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3 Main Causes of Concrete Sinking

Concrete has a variety of uses that range from buildings, driveways, patios, parking areas, and verandahs. Concrete serves as a perfect idea to create a solid ground that remains dry, is resistant to harsh weather conditions, and can accommodate the weight. The compressive ability of concrete makes it most suitable for the various uses it is put in. However, there are times that concrete sinks either a few weeks after construction or after a few months or probably years.

When concrete sinks, the ground looks cracked, there are portholes, the ground becomes uneven, and the place seems clumsy. Concrete leveling is the best solution to concrete sinking because it is cost-effective and serves as expected. For you to understand why concrete sinking happens, here are the three leading causes of concrete sinking.

 Infective compaction during construction

The soil is compacted to harden it before constructing concrete slabs on driveways, porches, patios, steps, sidewalks, and other construction requirements that require concrete slabs. Concrete has high compressive strength and is suitable for building slabs that are frequently walked on or subjected to weight. On the other hand, however, concrete has low tensile strength, which is why it is reinforced with steel or iron in some cases.

It is not always necessary to reinforce the concrete in driveways, sidewalks, patios, and steps because these places are not subjected to excess weight. Instead, the soil is compacted for concrete to have a solid place to lie on. Poor compacting traps air holes and spaces within the earth, and when concrete is placed on that soil, air holes are formed within the ground, and since the soil is weak, a space is left beneath the concrete. Because concrete has low tensile strength, it collapses into the formed holes in the soft ground, causing it to crack and sink. Concrete repair and maintenance are necessary when such happens, and concrete leveling works best in these circumstances.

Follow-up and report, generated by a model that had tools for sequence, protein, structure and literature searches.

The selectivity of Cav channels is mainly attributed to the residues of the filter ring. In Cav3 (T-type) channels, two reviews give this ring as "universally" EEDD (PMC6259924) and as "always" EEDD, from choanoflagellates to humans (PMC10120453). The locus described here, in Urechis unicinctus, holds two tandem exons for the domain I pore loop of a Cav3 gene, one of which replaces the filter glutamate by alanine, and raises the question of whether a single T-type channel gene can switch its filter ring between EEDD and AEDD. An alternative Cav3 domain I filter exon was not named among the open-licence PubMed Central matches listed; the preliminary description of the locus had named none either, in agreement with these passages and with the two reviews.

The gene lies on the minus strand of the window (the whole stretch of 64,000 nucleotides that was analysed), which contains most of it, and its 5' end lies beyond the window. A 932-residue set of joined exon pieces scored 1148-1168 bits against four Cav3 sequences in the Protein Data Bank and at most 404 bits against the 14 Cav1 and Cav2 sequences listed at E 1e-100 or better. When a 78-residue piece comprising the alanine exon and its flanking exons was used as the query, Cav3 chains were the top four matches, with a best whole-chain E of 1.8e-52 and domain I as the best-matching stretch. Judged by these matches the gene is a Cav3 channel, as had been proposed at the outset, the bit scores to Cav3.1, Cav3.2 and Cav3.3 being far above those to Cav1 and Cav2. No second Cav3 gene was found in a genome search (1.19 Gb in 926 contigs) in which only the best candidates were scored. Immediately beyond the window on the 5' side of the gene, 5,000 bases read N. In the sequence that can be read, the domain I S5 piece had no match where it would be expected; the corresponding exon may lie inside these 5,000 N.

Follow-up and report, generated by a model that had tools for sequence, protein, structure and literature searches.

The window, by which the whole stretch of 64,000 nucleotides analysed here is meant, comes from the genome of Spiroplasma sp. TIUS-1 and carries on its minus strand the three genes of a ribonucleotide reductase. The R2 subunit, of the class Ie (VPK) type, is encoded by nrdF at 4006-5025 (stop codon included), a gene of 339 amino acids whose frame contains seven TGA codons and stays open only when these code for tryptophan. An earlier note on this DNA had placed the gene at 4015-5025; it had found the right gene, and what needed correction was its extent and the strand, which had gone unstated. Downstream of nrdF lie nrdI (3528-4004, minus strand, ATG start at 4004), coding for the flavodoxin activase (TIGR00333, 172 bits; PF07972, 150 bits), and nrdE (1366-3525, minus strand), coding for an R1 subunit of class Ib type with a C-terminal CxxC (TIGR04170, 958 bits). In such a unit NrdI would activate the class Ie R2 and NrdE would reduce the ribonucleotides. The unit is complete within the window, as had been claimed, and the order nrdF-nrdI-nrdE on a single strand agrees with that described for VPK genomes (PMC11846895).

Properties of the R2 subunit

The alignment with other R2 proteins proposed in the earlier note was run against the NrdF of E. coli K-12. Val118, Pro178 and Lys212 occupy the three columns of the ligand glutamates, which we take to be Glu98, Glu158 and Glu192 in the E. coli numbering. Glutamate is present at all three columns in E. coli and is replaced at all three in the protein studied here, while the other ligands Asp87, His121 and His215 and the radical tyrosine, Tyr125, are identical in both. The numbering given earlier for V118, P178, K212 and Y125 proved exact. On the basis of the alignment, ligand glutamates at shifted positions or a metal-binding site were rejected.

Seeping of water in the soil

The soil beneath the concrete is what keeps level and prevents it from sinking. This is because concrete cannot withstand much weight without reinforcement. In the case of most driveways, patios, steps, porches, and other areas that not much weight is exerted on, the soil beneath the concrete acts as the reinforcement. The compacted soil helps concrete maintain a firm position. However, when water seeps into the ground below, it softens and compromises its ability to hold the concrete. As a result, concrete breaks and sinks when weight is subjected to it. Commercial services/construction professionals can, however, handle that easily.

 The flow of water at the edges of the concrete slab

Water is quite good at eroding soil, and you need to be sure that if rain or drainage water passes next to your driveway or any other place, you have a concrete slab installed on the ground. The soil will get eroded. When the soil is eroded, empty spaces will be left at the edges of the concrete slab, and with time the holes and trenches created will be bigger. As a result, the soil below will be weak, and the holes and trenches created will make the soil underneath your concrete slab lose. If this has been one of the causes of concrete sinking in your home, then concrete leveling is the ultimate solution.